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The EU envoy warns that time is running out for the peace process in Afghanistan – EURACTIV.com

The EU’s special envoy to Afghanistan said on Wednesday (June 16) that time for peace talks in Afghanistan is running out. With the withdrawal of international forces from this war-torn country, more work needs to be done to promote discussions.

In the past two weeks, negotiators from the Afghan government and the Taliban have met in Doha, the capital of Qatar, to discuss the peace process following the suspension of negotiations that had largely stalled earlier this year.

Negotiations began in September, but the already slowed negotiations were basically suspended in April, when the United States announced that it would withdraw its troops before September 11, and the Trump administration and the Taliban reached an agreement on a May 1 deadline.

NATO allies leave Afghanistan with the U.S.

NATO allies agreed on Wednesday (April 14) that foreign troops under NATO’s command will coordinate with the US withdrawal from Afghanistan before September 11, and promised to reflect the US plan to withdraw troops on May 1 in 20 years…

“The time we speak is getting shorter and shorter,” Thomas Nick Larson, the EU’s acting special envoy for Afghanistan, told Reuters during a visit to the Pakistani capital. “No or little progress has been made in terms of substance, so from this perspective, more work must be done.”

Taliban spokesman Suhail Shaheen said on Twitter that on Tuesday, the two negotiating teams had already met to discuss “re-adjusting the order and sequence of negotiations.”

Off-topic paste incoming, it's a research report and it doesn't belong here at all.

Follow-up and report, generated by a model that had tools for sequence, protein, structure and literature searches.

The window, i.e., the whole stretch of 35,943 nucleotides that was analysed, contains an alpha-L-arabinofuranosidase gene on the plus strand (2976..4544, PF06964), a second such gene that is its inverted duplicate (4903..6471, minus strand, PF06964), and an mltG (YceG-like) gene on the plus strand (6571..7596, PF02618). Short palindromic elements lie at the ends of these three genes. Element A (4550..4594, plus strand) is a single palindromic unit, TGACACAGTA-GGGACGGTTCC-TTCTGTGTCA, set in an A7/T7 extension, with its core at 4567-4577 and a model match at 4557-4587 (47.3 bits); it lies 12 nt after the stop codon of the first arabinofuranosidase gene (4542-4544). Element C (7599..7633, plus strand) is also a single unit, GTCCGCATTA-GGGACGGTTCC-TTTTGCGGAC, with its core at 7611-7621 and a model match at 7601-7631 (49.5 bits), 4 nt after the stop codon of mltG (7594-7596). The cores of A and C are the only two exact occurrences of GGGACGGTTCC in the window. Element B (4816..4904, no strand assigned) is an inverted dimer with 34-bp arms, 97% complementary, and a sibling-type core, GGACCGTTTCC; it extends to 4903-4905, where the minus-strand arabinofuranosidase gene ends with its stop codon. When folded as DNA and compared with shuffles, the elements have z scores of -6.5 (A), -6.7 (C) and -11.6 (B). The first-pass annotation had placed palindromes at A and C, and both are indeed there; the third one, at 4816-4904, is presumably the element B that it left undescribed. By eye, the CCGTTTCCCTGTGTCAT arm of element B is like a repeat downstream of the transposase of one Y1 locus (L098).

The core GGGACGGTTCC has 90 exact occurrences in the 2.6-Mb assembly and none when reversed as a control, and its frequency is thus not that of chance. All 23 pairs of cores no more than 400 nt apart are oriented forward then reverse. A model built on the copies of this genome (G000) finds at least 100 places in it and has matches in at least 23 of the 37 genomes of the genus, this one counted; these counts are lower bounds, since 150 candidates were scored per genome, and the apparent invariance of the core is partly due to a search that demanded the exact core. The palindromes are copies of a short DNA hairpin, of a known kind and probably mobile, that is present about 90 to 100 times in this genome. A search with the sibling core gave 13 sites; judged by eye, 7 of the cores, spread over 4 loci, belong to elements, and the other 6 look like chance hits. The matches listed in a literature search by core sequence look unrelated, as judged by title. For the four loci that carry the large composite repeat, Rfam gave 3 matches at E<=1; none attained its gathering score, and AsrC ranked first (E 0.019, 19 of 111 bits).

But Nick Larsen said that to show real progress, it is necessary to make substantive suggestions on the plans of the two sides for the country and the outcome of the talks, and the Taliban have not yet provided these suggestions.

“The Taliban’s proposal is very likely to be extremist. Maybe they will put an Islamic emirate on the table, which is very good for negotiations, and then you can see where compromises can be made. Compromises must be made by both parties,” he Say.

Taliban spokesperson Zabihullah Mujahid said that the organization does have a written plan, but it will not make it public or share it with foreigners and will keep it for substantive negotiations.

The special envoy held a meeting with officials in Islamabad this week and expressed his belief that Pakistan believes that it is in its interest to encourage a negotiated peace settlement in neighboring Afghanistan, but reiterated that Pakistan should use all means to encourage the Taliban to submit a written peace proposal.

Pakistan’s relationship with the Taliban has been criticized by the West in the past, but foreign capitals, including Washington, have in recent years acknowledged Pakistan’s efforts to bring insurgents to the negotiating table.

The Pakistani Foreign Minister said recently that Pakistan fully supports the Afghan peace process, but does not want to be regarded as a “scapegoat”, nor does it want to be blamed if the negotiations break down.

“So far, I think (the Taliban) has made very little progress in proposing proposals, but whether this is because of insufficient leverage or because the leverage has not been used there… I have no idea,” Nick Larsen said.

“But I believe that Pakistan is aware of the importance and urgency of the situation and it is in its own interest to use its influence.”

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